And Kandarpa of creators I;
Of serpents I am Vasuki.

And of the snakes Ananta am I,
Varuna of water-creatures too;
Of manes I am Aryaman;
And Yama of the self-controlled.

Of demons too I am Prahlada;
And Time of measures am I;
Of beasts I am the Lord of beasts;
And Vainateya of birds am I.

And I am Wind of those that blow;
And Rama of warriors am I;
Of fishes too I am the Shark;
And Ganga of the streams am I.

The source, the middle, and the end
Am I of all created things;
Of science, science of the soul;
And argument of arguers.

Of letters I the letter A;
And copulative of compounds;
And I am deathless Tune, and I
Creator, facing every way.

And I am Death that seizeth all,
And source of all that is to be;
Of female virtues, fortune, fame,
Forgiveness, memory, wisdom, speech.

And Brihat-sama of Saman hymns,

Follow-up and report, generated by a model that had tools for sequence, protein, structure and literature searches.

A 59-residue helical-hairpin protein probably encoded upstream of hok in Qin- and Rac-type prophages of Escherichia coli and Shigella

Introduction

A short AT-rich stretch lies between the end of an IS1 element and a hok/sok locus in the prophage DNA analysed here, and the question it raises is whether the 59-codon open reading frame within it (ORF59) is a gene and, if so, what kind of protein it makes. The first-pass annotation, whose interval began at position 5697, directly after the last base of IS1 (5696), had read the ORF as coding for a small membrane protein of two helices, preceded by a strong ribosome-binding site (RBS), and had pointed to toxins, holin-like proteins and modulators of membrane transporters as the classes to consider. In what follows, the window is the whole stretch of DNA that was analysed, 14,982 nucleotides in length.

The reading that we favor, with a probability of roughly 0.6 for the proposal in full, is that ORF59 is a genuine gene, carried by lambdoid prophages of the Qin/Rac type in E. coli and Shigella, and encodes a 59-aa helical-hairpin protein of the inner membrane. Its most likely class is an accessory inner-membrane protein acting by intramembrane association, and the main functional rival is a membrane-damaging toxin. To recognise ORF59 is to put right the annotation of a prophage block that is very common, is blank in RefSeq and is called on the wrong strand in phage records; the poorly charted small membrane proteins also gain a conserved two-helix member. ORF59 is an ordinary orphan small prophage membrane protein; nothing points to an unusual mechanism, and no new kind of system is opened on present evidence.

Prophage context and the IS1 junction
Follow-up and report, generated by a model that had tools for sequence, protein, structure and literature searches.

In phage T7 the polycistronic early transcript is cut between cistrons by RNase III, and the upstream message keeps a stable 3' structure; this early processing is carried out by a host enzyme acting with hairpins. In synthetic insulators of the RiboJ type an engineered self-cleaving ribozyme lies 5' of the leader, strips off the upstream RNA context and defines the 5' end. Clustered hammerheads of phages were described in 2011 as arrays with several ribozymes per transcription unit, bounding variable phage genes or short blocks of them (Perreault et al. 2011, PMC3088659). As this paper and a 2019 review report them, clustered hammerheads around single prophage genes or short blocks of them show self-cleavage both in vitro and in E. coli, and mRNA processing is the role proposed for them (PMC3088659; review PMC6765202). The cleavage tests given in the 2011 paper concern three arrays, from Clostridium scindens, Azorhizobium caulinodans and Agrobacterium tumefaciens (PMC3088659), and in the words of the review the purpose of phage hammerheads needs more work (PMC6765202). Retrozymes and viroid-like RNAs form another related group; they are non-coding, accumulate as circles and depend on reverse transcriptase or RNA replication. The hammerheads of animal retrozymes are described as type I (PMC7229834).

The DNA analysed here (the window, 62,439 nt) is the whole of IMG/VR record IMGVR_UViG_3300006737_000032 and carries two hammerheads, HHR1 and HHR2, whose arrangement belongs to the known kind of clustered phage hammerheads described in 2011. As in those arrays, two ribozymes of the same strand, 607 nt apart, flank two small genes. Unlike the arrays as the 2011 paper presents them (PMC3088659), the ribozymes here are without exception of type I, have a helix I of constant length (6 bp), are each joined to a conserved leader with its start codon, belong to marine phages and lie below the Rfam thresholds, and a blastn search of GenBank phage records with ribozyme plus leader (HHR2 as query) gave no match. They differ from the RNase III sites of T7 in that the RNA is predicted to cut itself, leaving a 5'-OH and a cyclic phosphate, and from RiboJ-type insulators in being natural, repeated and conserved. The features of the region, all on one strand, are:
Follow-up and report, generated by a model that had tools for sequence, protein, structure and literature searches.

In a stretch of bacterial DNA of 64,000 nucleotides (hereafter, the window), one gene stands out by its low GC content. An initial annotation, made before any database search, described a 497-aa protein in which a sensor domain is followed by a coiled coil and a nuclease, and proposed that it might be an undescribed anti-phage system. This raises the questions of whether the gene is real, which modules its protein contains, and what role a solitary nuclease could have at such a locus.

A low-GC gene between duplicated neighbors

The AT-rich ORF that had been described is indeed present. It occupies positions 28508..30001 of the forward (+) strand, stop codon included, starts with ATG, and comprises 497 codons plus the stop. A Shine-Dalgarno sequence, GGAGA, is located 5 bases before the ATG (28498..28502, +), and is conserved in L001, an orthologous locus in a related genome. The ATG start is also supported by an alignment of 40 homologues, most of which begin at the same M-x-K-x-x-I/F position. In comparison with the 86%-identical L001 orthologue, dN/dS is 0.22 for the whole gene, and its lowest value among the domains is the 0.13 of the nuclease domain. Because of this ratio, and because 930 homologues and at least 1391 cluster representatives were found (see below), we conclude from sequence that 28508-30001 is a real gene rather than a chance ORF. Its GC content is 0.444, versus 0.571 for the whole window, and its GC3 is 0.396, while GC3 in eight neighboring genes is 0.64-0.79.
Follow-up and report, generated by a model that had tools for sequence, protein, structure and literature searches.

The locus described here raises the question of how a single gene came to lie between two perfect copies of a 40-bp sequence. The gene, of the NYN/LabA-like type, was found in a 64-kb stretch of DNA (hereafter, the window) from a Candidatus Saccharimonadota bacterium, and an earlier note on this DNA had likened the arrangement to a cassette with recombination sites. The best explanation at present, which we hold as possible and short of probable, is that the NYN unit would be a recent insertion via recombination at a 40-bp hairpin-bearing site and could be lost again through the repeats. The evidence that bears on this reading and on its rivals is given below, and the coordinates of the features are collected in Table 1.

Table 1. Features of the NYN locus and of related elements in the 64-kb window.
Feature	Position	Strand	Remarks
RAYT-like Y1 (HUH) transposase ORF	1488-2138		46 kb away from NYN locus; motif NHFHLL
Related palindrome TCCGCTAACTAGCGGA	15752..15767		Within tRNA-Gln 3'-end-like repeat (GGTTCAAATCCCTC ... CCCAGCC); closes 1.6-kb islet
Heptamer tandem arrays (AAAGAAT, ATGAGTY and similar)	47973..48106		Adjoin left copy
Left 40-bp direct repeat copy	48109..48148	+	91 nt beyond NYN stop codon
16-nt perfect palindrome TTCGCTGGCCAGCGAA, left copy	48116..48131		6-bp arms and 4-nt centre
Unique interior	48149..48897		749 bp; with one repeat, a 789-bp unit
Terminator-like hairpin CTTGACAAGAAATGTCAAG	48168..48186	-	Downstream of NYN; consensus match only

Of metres Gayatri am I;
And Marga-sirsha am I of months,
Of seasons flowery season I.

Of cheats am I the game of dice;
And glory of the glorious I;
And victory I, and effort I;
And Sattva of the Sattvic I.

Of Vrishnis I am Vasudeva;
Dhananjaya of the Pandavas;
And Vyasa am I of Munis all,
Of sages Usana, the bard.

Restraint of the restrainers I,
Of victory-seekers polity;
And silence too of secrets I,
And knowledge of the knowers too.

Whatever be the seed of things,
That too am I, O Arjuna;
Nothing that moves or does not move,
Without me ever can exist.

There is no end, O Arjuna,
Unto my glorious forms divine;
What I have said is but a part
Of all my countless attributes.

Whatever thing there is of power,
Of greatness and of glory too,
Know that it is, O Arjuna,
Born of a portion of my light.

But what avails, O Arjuna,
These many attributes to know?
I stand, supporting all the world
With but a portion of myself.